Also, opinions are not facts.
Now more financial particulars:
- This is a great time to create your bare bones budget. What do you really need to live a good life? (Be discerning but don’t be harsh, be sure include a line item for chocolate or your favorite indulgence.) Pay attention to your money. When we’re working and making enough -or a surplus of- money we might not be paying attention. It’s okay, forgive yourself and move forward.
- In the U.S., the CARE Act has many wonderful provisions to help us economically survive. I haven’t read through all of it as yet but I’m sure you’ll be apprised of the provisions applicable to you in the near future. Help is on the way.
- In the meantime, if things are financially tentative for you, reach out to your creditors and let them know you may need some leeway. Learn their terms and expectations during the crisis. You may be on hold for a while, put it on speaker and fold your laundry, dust, clean the frequently-used surfaces, knit something, whatever.
- Find a way to give to others. It totally changes the dynamic in your finances. Neurologically, when you give away and don’t suffer from doing do, your neuro-pathways get rerouted and you begin to believe in abundance.
- The stock market’s declines make us all feel like we’re not in control. But the stock market is only one aspect of our financial lives… and this is not going to go on forever.
- Learn from this time; let this crisis teach you about how you want to use your money in the future. I’m not saying this to scold but, rather, to remind you that you are in control of what you do with your money. I hope that brings you some peace.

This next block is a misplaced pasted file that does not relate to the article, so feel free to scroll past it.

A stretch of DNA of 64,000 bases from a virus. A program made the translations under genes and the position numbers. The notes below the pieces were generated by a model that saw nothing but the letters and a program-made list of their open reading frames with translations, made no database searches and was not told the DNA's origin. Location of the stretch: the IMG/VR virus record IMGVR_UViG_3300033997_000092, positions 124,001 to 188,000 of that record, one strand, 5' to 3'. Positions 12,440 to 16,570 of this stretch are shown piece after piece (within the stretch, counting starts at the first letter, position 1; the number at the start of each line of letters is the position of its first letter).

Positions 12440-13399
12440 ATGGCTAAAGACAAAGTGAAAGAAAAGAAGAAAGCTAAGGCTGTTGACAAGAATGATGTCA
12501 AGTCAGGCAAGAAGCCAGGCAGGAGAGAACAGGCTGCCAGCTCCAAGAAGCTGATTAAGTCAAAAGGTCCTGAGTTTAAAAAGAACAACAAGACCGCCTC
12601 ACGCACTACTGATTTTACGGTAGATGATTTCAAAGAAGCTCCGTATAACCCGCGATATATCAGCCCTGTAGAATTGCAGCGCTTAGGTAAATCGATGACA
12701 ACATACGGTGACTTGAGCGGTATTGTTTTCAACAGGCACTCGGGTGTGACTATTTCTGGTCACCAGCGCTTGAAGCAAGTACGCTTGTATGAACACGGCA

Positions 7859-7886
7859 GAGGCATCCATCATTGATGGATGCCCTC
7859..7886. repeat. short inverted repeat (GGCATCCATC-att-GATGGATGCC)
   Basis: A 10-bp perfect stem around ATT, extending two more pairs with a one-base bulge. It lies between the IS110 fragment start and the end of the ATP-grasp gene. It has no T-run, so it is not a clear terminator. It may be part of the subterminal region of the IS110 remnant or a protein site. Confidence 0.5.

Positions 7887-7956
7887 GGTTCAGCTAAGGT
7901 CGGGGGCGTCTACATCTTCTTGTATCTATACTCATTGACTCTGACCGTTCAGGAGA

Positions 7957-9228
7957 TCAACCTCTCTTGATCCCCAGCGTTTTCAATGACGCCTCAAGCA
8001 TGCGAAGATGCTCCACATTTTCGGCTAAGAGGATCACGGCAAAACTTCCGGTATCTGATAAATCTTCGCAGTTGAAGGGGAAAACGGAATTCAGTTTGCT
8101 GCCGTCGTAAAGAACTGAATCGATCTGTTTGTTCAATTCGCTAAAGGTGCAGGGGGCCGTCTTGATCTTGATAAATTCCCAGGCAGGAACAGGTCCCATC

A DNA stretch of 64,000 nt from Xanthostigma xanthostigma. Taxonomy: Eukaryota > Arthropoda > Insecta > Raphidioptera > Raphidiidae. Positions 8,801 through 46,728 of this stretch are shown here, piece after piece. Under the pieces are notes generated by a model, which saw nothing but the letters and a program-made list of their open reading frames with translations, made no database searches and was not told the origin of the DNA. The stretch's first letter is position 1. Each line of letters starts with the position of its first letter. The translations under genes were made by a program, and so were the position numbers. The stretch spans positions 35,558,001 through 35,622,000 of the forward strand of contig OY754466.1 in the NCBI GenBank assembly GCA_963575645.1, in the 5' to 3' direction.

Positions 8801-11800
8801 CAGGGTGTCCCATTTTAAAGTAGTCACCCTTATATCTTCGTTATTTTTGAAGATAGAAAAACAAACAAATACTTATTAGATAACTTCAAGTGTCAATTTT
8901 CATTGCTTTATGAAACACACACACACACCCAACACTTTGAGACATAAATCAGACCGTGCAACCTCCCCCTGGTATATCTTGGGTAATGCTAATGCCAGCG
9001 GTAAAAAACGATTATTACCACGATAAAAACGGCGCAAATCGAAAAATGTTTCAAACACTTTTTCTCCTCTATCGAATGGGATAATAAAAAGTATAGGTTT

Excellent advice Amy Jo! I appreciate how you address both the spiritual and practical ways of approaching these times. Thank you!!
Thank you, Christine, I needed to write it -at least for myself.
Thank you for this post! Even though I am a 51 year old woman I find one thing each day that makes me giggle like a 12 year old boy. I find that to be very important during this trying time. I also use my meditation mantra which right now is “control what you can”. Financially I have learned to live within my means during the last month and have only bought what I need. This has helped me understand my feelings towards money much more. I know now that there IS a difference between what I want and what I need, when I only THOUGHT I knew.
Thanks for your encouraging advice. I am an optimist too. I have been keeping graphs on the spread of the Corona virus and even though they are on the rise they are starting to rise slower for the World, US, NY and California. I hope by Easter we see the beginning of the end of this nightmare. By the way, I think we are at the bottom for the stock market and it may be time to slowly move back in.
Thanks John, I feel the same way about the virus “peak,” not sure about the market…